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I have a <div> element and I want to put a border on it. I know I can write style="border: 1px solid black", but this adds 2px to either side of the div, which is not what I want.

I would rather have this border be -1px from the edge of the div. The div itself is 100px x 100px, and if I add a border, then I have to do some mathematics to make the border appear.

Is there any way that I can make the border appear, and ensure the box will still be 100px (including the border)?

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9 Answers 9

up vote 244 down vote accepted

Set box-sizing property to border-box:

div {
    box-sizing: border-box;
    -moz-box-sizing: border-box;
    -webkit-box-sizing: border-box;
    width: 100px;
    height: 100px;
    border: 20px solid #f00;
    background: #00f;
    margin: 10px;
}

div + div {
    border: 10px solid red;
}
<div>Hello!</div>
<div>Hello!</div>

It works on IE8 & above.

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11  
+1. For a little more background: css-tricks.com/box-sizing or paulirish.com/2012/box-sizing-border-box-ftw –  isotrope Mar 7 '12 at 14:00
23  
Only flaw with this one is you MUST declare a height for it to work, without a height the border still sits outside the block and affects rendering (i.e. vertical rhythm). –  jeremyclarke Oct 21 '13 at 13:30
1  
Would a min-height work? –  PsyKzz Jan 9 at 15:46
    
this does not allow styling individual border-sides, and in this case many would probably be happy with using the property outline. –  Lo Sauer Aug 10 at 8:05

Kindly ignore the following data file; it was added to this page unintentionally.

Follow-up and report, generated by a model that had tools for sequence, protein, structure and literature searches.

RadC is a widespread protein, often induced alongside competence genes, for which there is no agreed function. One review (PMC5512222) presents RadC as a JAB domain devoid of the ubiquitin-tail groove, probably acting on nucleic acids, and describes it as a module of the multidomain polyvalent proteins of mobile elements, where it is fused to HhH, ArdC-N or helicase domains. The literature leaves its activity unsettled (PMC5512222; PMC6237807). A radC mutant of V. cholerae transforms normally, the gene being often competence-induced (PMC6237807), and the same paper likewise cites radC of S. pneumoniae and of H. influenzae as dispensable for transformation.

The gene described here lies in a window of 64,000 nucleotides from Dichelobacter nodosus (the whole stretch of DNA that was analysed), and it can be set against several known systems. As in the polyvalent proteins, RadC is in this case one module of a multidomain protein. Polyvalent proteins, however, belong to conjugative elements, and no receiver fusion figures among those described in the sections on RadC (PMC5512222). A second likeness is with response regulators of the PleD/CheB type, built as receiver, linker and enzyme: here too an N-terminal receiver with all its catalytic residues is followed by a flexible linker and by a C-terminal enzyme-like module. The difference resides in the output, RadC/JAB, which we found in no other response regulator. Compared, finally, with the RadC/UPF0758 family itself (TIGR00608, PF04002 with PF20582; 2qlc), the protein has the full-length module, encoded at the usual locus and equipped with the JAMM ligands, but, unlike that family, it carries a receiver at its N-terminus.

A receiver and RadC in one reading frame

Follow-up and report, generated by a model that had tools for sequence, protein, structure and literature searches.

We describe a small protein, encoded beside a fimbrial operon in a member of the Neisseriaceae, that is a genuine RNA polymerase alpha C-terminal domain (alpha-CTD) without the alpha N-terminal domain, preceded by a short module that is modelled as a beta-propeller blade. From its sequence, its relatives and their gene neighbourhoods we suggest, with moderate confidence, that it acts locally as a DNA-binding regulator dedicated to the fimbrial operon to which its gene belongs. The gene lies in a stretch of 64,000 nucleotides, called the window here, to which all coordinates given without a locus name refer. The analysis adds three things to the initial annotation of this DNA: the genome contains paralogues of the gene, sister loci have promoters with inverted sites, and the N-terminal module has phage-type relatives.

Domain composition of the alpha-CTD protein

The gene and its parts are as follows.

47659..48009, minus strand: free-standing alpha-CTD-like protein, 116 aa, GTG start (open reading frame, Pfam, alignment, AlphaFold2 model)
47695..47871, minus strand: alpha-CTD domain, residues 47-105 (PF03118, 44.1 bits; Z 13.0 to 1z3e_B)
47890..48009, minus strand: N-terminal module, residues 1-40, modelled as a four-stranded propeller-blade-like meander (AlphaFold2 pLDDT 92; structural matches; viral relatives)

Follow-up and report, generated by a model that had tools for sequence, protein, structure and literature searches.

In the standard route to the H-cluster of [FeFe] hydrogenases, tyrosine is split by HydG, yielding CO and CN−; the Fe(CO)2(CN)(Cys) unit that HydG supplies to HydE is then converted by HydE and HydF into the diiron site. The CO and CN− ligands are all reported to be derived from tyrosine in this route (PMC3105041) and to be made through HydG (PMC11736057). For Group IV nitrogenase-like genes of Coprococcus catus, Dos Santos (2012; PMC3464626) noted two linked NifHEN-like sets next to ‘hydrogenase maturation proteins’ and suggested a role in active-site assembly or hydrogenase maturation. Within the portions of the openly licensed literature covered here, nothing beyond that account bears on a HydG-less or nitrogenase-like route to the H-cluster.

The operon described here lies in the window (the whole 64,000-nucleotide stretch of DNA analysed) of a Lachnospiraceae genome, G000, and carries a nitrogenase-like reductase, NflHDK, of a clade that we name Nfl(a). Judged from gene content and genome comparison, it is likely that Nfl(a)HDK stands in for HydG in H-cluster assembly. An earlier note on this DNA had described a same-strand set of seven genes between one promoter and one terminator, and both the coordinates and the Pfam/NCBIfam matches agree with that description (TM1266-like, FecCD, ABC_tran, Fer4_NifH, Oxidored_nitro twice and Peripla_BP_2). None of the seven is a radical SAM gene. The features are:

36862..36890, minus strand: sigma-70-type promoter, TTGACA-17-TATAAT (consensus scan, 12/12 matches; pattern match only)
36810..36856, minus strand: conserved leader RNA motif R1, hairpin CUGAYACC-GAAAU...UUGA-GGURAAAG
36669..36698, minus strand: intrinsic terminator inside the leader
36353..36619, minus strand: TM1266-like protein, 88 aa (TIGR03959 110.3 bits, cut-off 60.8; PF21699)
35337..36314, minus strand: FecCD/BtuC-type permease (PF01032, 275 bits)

Use pseudo element:

.button {
    background: #333;
    color: #fff;
    float: left;
    padding: 20px;
    margin: 20px;
    position: relative;
}

.button::after {
    content: '';
    position: absolute;
    top: 0;
    right: 0;
    bottom: 0;
    left: 0;
    border: 5px solid #f00;
}
<div class='button'>Hello</div>

Using ::after you are styling the virtual last child of the selected element. content property creates an anonymous replaced element.

We are containing the pseudo element using absolute position relative to the parent. Then you have freedom to have whatever custom background and/or border in the background of your main element.

This approach does not affect placement of the contents of the main element, which is different from using box-sizing: border-box;.

Consider this example:

.parent {
    width: 200px;
}

.button {
    background: #333;
    color: #fff;
    padding: 20px;
    border: 5px solid #f00;
    border-left-width: 20px;
    box-sizing: border-box;
}
<div class='parent'>
    <div class='button'>Hello</div>
</div>

Here .button width is constrained using the parent element. Setting the border-left-width adjusts the content-box size and thus the position of the text.

.parent {
    width: 200px;
}

.button {
    background: #333;
    color: #fff;
    padding: 20px;
    position: relative;
}

.button::after {
    content: '';
    position: absolute;
    top: 0;
    right: 0;
    bottom: 0;
    left: 0;
    border: 5px solid #f00;
    border-left-width: 20px;
}
<div class='parent'>
    <div class='button'>Hello</div>
</div>

Using the pseudo-element approach does not affect the content-box size.

Depending on the application, approach using a pseudo-element might or might not be a desirable behaviour.

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Yahoo! This is really possible. I found it.

For Bottom Border:

div {box-shadow: 0px -3px 0px red inset; }

For Top Border:

div {box-shadow: 0px 3px 0px red inset; }
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It Works!

div{
margin:-1px;
border:1px solid red;
}
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Probably it is belated answer, but I want to share with my findings. I found 2 new approaches to this problem that I have not found here in the answers:

Inner border through box-shadow css property

Yes, box-shadow is used to add box-shadows to the elements. But you can specify inset shadow, that would look like a inner border rather like a shadow. You just need to set horizontal and vertical shadows to 0px, and the "spread" property of the box-shadow to the width of the border you want to have. So for the 'inner' border of 10px you would write the following: